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Gastroprotective action of glucocorticoid hormones in rats with desensitization of capsaicin-sensitive sensory neurons

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image of Inflammopharmacology

The ability of glucocorticoid hormones to protect gastric mucosa during desensitization of capsaicin-sensitive afferent neurons has been investigated in rats. Functional ablation of the afferent neurons was performed by pre-treatment with neurotoxic doses of capsaicin (100 mg/kg s.c.). After 1 week of recovery, capsaicin-desensitized, as well as control rats were adrenalectomized or sham-operated. Seven days later, indomethacin at an ulcerogenic dose (35 mg/kg s.c.) was given to each group of rats. One half of adrenalectomized capsaicin-pre-treated rats were injected by corticosterone for replacement (4 mg/kg s.c., 15 min before indomethacin). Gastric lesions, plasma corticosterone and blood glucose levels were estimated 4 h after indomethacin administration. Indomethacin caused gastric erosions that were aggravated by adrenalectomy or desensitization of capsaicin-sensitive afferent neurons approximately with the same extension. Combination of adrenalectomy with the sensory desensitization profoundly potentiated the effect of sensory desensitization alone on indomethacin-induced gastric erosions: the mean gastric erosion area was increased approximately 10-fold. Corticosterone replacement completely prevented this profound effect of adrenalectomy. The results suggest a pivotal role of glucocorticoid hormones in the maintenance of gastric mucosal integrity in the case of impaired gastroprotective mechanisms provided by PGs and capsaicin-sensitive sensory neurons.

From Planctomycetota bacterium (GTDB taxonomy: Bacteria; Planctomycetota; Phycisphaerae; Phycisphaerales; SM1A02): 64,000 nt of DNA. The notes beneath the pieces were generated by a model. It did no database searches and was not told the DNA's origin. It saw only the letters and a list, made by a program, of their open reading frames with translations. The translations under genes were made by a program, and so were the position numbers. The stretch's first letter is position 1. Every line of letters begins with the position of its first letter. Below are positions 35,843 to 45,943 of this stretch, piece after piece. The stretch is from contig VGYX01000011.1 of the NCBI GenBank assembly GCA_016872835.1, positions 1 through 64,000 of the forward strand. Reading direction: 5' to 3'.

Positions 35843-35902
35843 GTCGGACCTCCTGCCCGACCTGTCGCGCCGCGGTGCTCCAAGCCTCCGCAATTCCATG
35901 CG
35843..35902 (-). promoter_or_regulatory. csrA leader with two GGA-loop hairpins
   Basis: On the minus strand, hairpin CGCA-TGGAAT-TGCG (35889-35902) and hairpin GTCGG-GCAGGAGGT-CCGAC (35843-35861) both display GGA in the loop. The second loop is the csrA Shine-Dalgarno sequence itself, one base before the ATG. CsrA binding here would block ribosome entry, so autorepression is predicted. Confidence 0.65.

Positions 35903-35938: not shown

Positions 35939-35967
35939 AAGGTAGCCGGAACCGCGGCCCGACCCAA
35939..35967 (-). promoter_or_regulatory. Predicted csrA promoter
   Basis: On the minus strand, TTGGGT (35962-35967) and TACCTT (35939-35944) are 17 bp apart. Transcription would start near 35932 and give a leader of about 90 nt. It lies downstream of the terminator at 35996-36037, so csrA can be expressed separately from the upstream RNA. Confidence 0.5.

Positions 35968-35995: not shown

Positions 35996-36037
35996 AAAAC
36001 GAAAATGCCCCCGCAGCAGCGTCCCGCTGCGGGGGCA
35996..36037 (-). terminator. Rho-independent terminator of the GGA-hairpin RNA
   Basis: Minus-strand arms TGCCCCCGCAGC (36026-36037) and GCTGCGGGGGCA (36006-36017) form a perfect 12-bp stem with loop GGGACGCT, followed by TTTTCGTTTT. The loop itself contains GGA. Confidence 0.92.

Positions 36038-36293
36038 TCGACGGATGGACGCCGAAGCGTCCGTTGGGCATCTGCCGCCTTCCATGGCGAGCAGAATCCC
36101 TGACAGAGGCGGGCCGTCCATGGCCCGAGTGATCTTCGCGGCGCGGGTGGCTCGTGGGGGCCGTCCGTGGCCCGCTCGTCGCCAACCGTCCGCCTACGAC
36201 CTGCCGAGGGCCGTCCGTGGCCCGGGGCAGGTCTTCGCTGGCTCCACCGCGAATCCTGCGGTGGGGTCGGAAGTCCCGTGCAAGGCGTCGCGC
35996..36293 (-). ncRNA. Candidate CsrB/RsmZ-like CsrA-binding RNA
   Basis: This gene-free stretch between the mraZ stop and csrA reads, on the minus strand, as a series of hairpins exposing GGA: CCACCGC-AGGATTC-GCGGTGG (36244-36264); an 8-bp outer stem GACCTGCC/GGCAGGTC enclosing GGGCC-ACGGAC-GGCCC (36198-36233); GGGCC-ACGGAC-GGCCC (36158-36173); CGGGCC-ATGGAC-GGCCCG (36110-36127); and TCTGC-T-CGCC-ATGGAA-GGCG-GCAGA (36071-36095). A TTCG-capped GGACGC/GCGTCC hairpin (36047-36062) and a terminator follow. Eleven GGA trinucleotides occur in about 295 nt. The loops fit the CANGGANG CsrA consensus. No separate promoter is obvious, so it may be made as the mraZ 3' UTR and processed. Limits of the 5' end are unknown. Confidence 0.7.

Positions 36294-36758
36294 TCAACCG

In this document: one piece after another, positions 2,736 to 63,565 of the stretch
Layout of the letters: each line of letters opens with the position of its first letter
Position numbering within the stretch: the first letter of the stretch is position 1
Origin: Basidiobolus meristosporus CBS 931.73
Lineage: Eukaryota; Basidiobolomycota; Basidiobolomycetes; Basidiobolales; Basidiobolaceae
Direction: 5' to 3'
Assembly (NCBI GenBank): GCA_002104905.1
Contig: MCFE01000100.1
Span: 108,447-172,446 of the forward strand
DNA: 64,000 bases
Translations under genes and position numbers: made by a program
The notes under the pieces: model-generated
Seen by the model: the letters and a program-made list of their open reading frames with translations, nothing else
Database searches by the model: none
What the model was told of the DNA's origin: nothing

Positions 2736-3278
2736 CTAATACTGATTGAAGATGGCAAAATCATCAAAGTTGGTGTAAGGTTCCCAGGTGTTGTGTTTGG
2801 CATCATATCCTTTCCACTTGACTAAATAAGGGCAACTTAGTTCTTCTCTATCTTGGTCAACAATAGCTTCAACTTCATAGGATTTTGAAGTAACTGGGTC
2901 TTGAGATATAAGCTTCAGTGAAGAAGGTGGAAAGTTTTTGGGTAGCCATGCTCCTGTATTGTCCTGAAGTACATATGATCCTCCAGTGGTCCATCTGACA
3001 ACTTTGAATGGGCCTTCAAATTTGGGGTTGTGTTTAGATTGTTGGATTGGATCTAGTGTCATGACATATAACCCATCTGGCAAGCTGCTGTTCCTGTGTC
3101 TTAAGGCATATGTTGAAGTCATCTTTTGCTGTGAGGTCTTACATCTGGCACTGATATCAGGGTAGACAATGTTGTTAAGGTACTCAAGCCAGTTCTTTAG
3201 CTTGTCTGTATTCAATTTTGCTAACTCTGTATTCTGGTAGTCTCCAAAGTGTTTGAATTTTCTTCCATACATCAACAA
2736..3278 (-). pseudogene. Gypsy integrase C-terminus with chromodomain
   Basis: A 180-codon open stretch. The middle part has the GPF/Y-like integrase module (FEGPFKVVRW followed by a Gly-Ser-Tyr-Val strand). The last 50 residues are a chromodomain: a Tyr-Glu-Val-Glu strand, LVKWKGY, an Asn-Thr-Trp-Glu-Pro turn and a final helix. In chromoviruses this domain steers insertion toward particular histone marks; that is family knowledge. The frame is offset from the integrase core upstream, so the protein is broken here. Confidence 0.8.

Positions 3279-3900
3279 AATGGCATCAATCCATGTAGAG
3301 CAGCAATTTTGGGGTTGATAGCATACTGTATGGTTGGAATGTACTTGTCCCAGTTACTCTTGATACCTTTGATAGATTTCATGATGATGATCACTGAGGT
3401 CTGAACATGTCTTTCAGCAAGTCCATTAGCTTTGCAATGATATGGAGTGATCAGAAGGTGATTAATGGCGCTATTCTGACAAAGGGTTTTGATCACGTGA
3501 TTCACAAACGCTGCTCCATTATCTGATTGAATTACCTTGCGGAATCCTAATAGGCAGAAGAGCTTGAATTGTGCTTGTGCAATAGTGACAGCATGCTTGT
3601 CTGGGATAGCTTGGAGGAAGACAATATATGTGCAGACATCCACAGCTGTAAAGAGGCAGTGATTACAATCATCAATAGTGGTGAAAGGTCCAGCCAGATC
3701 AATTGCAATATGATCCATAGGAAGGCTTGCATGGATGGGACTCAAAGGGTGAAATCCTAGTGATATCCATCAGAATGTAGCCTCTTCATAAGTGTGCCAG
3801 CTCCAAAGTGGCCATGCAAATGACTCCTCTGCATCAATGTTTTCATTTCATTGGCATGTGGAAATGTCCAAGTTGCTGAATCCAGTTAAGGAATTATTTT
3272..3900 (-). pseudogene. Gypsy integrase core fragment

Affiliations: 1: Laboratory of Experimental Endocrinology, Pavlov Institute of Physiology, Russian Academy of Sciences, nab. Makarova, 6, St. Petersburg 199034, Russia


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